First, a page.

When you look at the phrase “occupational therapy,”you may think of work therapy. While ‘occupation’does equate to working in some aspects of the therapy, it isn’t the sole goal of treatment. In fact, the word ‘occupation’in this form of treatment encompasses anything from typing to tying shoes –basically anything that’s part of a healthy and productive life.
People with certain conditions have trouble accomplishing these tasks and turn to their doctors for help. As a first course of treatment, the doctor may recommend therapy and medication combined, but if the condition stops a person from performing necessary activities, he may suggest occupational therapy.
What is Occupational Therapy?
Occupational therapy (OT) is a special rehabilitation program used to help people with specialized needs live an independent, productive and satisfying life. An occupational therapist is a licensed and highly skilled professional who works with people of varying conditions and backgrounds to help them perform everyday tasks.
How OT Works to Improve Mental Well-Being
People who are diagnosed with life-changing diseases and those who were born with debilitating handicaps may suffer from depression, anxiety and even PTSD (post-traumatic stress disorder). These mental conditions can cause a person to lose hope in living a normal life and limit their ability to participate in meaningful activities. They may carry the false belief that their handicap can and will prevent them from learning, working or performing certain activities by themselves. This often results in deeper depression and a worsening in their physical condition.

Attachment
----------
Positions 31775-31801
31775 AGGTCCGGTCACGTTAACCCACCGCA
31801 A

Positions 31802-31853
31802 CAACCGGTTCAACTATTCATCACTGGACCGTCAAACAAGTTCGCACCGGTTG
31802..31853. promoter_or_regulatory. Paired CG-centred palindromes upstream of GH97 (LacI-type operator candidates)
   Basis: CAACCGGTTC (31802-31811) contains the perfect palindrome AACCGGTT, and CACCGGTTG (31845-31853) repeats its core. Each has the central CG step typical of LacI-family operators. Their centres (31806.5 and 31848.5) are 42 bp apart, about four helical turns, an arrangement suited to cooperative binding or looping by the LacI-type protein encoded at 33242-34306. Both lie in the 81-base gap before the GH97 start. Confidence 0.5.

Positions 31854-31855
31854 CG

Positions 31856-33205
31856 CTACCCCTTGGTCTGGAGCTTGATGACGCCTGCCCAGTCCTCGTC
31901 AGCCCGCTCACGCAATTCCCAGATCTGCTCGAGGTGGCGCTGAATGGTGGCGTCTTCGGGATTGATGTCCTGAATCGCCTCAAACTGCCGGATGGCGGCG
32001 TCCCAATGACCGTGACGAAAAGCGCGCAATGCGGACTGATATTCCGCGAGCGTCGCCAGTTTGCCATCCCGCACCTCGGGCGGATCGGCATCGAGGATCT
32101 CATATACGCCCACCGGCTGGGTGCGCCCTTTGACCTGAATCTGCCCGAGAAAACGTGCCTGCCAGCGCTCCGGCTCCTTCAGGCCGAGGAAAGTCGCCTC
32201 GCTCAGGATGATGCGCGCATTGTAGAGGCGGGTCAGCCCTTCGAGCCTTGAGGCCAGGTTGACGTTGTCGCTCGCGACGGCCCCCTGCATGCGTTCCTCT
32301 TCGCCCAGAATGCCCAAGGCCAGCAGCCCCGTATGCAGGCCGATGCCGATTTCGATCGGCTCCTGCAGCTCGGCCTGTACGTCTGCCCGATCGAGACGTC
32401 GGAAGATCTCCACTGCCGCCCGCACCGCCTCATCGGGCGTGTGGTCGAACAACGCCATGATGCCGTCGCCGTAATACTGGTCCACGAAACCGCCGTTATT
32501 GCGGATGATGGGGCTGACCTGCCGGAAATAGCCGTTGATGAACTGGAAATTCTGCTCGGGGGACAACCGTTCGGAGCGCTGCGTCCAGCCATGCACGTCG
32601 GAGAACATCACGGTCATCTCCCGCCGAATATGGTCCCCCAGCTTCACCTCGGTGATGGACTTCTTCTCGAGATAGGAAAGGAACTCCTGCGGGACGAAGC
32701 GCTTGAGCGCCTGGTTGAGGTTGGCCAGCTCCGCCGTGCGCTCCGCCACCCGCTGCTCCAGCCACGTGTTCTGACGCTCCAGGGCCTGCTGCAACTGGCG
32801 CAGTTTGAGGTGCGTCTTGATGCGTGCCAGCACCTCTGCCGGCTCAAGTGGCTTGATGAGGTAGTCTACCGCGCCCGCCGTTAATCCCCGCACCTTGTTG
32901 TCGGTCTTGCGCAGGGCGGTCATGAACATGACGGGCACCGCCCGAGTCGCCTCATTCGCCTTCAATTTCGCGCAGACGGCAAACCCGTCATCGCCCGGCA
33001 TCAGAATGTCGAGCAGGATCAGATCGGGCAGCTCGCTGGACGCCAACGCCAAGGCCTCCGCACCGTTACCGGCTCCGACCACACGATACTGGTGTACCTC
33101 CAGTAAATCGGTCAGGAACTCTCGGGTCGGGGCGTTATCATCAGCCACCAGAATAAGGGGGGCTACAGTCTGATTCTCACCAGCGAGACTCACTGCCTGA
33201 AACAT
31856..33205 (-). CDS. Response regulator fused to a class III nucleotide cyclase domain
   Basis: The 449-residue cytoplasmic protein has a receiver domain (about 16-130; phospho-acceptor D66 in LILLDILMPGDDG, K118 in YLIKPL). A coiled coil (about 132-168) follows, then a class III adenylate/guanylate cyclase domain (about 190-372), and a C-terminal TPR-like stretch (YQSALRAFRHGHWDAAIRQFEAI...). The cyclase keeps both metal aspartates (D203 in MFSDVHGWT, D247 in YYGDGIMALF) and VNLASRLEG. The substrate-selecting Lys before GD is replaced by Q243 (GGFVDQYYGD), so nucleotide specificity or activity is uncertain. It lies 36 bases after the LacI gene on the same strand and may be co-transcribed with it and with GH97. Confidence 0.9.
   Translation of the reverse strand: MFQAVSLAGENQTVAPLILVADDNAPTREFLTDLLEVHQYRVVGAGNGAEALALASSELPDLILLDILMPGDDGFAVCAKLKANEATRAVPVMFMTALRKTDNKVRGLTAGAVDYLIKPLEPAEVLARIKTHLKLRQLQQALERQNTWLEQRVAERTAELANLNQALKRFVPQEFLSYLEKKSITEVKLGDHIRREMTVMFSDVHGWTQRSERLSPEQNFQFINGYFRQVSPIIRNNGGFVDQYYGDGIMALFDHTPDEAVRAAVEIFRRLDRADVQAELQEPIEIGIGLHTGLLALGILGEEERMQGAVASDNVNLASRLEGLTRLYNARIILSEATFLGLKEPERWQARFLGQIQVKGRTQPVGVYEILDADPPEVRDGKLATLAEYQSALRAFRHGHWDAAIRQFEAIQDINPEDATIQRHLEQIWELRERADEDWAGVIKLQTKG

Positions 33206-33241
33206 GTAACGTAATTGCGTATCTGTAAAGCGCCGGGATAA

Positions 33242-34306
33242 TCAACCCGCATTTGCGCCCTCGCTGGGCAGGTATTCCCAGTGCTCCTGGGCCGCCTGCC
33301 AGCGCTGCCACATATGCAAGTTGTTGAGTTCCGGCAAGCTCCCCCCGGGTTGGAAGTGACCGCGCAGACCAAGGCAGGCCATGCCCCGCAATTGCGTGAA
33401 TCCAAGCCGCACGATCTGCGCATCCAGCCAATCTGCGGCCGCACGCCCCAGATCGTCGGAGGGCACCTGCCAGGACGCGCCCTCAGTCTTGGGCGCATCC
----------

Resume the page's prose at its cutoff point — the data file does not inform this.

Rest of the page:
While it is true that many conditions will prevent a person from performing certain activities, others can be performed with special modifications. This includes everything from exercising to placing items on a shelf. Physical therapy will normally work to improve strength, endurance and coordination in those with handicaps/disabilities, but occupational therapy provides a different kind of benefit.
The goal of OT is to enhance a person’s ability to live a meaningful and satisfying life. The therapist will help the patient attain this by implementing several stages of treatment
The first stage, simply know as “Habit Training,”is designed to teach the patient skills that will help him or her feel more productive. This may include activities such as painting and knitting. These activities are chosen to boost productivity and reduce stress simultaneously.
Additional stages are determined by the treating physician and the occupational therapist after diagnosis and an OT assessment. Some of the more commonly highlighted OT goals include:
- Life skills training
- CBT (Cognitive behavioral therapy)
- Life balance intervention
- Supported education and employment
- Cognitive rehabilitation
It is important to understand that OT is not just reserved for those with physical disabilities; it’s also given to patients with mental conditions, such as schizophrenia and ADHD (Attention Deficit Hyperactivity Disorder). Elderly people who have been placed in nursing facilities or retirement villages may also use OT to boost their productivity and induce feelings of usefulness and well-being.
This therapy is normally given as a collaborative effort to cure or treat the patient. While OT is being administered, mental therapy, physical therapy and medical treatments may also be needed, depending on the condition.
There isn’t a specific time frame for the treatment to be concluded since it is very dependent on the patient’s progress. In many cases, the treatment is considered a long-term option, which the patient may stop at any time. Often, the patient will begin the treatment aggressively, seeking out multiple sessions per week and then slowly decreasing it to a few sessions per month as the condition improves. This makes OT single-handedly one of the most important forms of treatment for anyone in need of an improved mental state.